Last night after work I made three trips from the Casita to room 18 of the Badlands Inn, the motel owned by my currently employer that my little RV has been parked behind for the past two weeks after Circle 10 shut down for the season. I had every intention of spending the rest of the season in Cas despite having access to a room at the Inn that I could be living in but have only been using for the shower up until now. But even though I could stand the cold and the snow in the RV, the strong winds worried me: all that rocking around would make it impossible to sleep as I wonder if the next strong gust will knock me over. Being in the Inn won’t keep the wind from knocking the Casita over, but at least I won’t be woken up worrying about the possibility with every boat-like roll. I’m happy to report that as of now, 5 pm, Cas is holding up fine in the wind and I have found no leaks associated with horizontally blowing rain and snow. I’ll only be in the motel room until the bad weather is past, then it’s back home.

snow-stormLet me say here that moving is the pits. Lugging stuff in and out of the truck, up and down stairs, trying to remember what all you need to spend a day in relative comfort, it’s a huge hassle. I think a lot of people would raise an eyebrow when I say I hate moving considering how much I travel, but the beauty of living in a RV is everything you need moves with you, no packing or unpacking required. I definitely don’t miss this staying in motels and carrying things around with you business.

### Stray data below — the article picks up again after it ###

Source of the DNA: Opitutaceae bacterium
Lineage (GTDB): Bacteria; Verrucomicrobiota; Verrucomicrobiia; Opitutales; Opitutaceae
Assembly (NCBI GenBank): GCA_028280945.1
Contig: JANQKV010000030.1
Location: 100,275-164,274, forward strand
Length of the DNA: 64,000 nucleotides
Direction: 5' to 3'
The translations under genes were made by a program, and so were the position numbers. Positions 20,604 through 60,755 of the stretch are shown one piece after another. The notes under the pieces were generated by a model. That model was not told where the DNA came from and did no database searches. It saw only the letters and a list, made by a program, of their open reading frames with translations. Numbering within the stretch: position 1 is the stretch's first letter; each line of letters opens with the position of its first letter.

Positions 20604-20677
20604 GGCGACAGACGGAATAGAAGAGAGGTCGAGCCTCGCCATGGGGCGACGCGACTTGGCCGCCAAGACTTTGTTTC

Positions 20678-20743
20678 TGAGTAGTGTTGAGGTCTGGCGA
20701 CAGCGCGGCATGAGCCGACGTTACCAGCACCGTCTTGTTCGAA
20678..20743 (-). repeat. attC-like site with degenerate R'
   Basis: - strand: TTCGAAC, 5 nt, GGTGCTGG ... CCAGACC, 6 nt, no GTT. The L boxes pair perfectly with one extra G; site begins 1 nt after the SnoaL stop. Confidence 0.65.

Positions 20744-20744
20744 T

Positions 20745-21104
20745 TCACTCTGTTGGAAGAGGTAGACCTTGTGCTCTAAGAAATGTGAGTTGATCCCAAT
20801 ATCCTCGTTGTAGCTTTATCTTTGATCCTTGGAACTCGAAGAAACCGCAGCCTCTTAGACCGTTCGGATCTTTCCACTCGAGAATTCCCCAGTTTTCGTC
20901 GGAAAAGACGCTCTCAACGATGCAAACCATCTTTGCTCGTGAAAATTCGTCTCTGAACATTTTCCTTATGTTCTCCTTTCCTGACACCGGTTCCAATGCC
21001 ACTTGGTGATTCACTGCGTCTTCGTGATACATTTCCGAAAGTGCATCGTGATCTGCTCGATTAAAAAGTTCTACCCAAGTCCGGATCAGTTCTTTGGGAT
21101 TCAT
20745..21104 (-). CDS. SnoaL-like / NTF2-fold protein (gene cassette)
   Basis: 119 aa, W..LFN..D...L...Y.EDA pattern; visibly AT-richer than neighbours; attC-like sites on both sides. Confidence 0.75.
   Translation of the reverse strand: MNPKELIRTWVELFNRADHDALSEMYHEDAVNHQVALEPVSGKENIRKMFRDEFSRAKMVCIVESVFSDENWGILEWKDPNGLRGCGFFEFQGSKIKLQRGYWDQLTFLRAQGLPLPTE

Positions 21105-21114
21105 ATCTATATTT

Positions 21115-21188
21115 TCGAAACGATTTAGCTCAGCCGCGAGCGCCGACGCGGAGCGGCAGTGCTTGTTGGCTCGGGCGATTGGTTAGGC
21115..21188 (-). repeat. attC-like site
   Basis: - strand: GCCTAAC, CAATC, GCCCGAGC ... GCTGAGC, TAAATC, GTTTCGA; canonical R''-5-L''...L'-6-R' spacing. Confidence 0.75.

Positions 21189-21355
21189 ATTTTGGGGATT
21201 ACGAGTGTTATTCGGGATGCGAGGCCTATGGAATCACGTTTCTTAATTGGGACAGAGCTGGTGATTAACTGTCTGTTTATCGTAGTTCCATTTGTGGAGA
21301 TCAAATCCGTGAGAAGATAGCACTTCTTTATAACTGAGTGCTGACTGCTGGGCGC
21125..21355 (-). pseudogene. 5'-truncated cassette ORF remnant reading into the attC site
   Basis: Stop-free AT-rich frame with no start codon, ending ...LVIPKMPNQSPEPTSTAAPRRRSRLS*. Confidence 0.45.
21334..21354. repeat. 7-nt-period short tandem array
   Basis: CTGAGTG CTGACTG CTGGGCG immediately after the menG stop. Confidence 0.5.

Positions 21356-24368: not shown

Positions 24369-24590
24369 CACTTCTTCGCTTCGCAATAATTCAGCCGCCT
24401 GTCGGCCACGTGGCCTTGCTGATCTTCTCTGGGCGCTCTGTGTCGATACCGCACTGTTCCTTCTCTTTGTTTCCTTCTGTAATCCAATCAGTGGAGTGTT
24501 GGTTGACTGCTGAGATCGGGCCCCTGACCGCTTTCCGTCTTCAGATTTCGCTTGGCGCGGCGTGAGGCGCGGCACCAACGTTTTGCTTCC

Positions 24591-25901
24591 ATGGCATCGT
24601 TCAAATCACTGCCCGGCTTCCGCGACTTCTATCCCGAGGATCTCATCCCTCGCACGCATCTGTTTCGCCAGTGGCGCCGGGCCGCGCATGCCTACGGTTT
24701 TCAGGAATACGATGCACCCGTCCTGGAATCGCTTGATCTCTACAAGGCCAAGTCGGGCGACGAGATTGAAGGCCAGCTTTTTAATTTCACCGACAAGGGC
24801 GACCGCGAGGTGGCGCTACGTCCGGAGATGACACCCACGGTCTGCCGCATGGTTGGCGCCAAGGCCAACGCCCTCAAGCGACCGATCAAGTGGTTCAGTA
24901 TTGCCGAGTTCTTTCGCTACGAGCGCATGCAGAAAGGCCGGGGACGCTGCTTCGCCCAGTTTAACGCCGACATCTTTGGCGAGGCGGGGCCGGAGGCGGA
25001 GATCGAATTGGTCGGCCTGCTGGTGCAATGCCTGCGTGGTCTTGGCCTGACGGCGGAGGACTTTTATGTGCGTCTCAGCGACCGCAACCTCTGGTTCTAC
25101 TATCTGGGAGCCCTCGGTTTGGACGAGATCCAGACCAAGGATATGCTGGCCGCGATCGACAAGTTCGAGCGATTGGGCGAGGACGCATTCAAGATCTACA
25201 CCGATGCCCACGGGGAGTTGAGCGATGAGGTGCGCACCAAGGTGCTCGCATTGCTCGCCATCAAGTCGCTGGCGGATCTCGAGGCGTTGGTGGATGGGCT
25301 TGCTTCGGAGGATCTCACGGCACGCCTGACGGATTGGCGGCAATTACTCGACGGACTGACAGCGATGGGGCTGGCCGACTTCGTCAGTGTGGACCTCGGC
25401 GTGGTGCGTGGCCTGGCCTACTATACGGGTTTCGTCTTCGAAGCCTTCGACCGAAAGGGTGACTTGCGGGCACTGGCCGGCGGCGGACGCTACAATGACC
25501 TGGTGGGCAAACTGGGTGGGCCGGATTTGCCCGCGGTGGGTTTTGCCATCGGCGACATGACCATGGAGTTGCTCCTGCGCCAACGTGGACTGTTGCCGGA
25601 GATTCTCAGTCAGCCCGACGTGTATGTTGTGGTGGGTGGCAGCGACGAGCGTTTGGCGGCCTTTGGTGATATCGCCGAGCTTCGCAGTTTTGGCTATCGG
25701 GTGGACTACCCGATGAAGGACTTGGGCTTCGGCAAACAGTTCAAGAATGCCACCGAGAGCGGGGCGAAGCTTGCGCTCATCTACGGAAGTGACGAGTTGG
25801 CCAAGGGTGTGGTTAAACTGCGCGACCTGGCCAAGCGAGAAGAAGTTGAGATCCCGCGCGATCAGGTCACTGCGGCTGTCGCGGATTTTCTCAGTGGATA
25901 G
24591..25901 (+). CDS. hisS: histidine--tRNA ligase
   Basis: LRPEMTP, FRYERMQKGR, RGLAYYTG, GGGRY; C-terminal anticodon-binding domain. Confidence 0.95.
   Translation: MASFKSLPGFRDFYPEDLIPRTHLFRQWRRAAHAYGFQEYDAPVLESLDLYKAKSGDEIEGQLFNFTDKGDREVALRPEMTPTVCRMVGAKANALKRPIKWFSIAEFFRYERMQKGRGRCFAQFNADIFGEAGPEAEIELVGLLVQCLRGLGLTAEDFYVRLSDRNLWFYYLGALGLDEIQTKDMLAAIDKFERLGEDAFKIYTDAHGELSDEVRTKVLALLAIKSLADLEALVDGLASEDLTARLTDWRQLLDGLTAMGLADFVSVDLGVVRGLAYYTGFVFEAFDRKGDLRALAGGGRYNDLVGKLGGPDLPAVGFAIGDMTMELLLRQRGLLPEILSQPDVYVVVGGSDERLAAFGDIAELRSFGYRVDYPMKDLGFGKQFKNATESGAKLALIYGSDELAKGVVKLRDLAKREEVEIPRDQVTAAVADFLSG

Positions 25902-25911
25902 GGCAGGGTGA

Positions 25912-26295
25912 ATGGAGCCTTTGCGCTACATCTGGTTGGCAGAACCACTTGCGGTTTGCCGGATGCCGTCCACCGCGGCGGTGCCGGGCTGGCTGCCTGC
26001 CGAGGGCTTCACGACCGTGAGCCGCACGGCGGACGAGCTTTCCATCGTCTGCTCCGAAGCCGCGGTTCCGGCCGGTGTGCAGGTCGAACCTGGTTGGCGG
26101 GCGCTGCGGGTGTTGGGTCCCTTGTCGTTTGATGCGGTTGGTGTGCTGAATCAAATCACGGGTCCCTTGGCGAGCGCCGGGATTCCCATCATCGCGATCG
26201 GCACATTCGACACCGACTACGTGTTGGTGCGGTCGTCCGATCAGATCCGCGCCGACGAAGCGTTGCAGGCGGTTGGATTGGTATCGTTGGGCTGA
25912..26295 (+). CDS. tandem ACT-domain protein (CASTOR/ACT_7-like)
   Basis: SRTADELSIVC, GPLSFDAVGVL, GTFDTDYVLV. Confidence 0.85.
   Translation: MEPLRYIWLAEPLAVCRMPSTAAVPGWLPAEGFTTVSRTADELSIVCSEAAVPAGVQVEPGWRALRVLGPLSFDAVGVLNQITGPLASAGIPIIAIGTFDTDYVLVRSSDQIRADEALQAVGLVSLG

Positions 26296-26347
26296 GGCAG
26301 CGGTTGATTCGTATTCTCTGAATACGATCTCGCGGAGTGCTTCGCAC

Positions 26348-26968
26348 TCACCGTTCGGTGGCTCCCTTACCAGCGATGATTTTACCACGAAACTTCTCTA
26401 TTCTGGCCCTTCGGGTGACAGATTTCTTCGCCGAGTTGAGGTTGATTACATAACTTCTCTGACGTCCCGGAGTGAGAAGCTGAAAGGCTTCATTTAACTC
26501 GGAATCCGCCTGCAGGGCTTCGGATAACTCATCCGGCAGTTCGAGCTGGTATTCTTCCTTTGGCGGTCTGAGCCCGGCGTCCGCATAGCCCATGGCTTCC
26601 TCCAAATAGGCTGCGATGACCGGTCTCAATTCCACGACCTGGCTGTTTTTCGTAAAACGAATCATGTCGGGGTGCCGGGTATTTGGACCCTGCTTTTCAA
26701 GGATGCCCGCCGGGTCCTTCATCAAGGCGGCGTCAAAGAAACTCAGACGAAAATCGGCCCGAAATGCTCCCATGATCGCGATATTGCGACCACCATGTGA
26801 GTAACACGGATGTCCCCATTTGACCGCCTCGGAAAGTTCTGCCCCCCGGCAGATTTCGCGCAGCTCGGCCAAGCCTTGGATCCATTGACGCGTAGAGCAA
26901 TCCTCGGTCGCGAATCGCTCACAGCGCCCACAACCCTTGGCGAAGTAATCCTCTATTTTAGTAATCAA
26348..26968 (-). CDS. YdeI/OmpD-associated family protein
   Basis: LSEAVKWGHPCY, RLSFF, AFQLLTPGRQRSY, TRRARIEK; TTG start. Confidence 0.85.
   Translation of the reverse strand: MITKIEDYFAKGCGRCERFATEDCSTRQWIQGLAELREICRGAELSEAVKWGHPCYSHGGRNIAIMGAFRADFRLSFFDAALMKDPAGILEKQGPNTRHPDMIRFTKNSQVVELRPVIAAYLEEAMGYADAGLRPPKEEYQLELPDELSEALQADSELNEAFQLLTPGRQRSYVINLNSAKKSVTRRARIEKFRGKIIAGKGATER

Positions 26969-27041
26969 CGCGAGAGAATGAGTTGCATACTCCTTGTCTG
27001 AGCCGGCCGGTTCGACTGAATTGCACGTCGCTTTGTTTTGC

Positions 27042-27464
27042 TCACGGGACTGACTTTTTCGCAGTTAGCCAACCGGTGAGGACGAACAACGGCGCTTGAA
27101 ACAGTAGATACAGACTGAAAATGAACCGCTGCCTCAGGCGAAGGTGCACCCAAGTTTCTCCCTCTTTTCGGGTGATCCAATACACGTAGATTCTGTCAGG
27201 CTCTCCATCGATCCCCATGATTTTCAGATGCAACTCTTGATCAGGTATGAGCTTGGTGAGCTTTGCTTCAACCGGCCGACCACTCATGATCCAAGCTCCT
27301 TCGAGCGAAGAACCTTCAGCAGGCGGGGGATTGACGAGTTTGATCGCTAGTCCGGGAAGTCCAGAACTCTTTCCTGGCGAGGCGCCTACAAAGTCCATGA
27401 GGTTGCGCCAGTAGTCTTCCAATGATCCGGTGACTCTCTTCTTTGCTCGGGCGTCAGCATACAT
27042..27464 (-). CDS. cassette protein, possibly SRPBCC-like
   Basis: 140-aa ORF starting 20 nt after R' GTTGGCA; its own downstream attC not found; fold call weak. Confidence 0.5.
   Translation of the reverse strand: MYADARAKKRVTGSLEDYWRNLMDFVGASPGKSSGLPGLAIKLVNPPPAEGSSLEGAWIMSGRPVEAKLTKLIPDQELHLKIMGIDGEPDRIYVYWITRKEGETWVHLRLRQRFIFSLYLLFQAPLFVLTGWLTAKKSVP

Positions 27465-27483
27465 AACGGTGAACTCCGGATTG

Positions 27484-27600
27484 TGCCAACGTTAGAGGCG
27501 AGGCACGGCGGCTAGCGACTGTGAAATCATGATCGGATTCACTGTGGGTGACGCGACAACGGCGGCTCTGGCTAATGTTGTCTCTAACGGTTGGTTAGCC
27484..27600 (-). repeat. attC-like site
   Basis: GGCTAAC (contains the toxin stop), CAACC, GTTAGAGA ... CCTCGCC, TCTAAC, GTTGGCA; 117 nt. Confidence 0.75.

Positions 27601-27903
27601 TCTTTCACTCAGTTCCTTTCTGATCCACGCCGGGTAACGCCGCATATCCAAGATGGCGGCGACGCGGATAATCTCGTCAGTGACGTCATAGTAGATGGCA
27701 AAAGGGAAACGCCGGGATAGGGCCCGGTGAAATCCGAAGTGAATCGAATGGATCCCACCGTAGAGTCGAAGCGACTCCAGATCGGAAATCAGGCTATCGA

But when you’re put in a less than ideal situation, make the best of it. Last night I had TV for the first time in years, and the novelty of television has kept me amused. I wrote some suggestions for things to do on a rainy day before, and that stuff still holds true even for blizzards it turns out. I’m taking things pretty easy today, taking care of a few things online and enjoying my mini vacation (we were told not to come in to work today). There’s just something cozy about watching a storm rage outside while you’re safe and warm inside. While there’s been plenty of rain, then ice pellets (with thunder) and now snow, there isn’t much accumulation yet, although the strong winds are a force to be reckoned with and the power has gone out twice so far but come back on both times.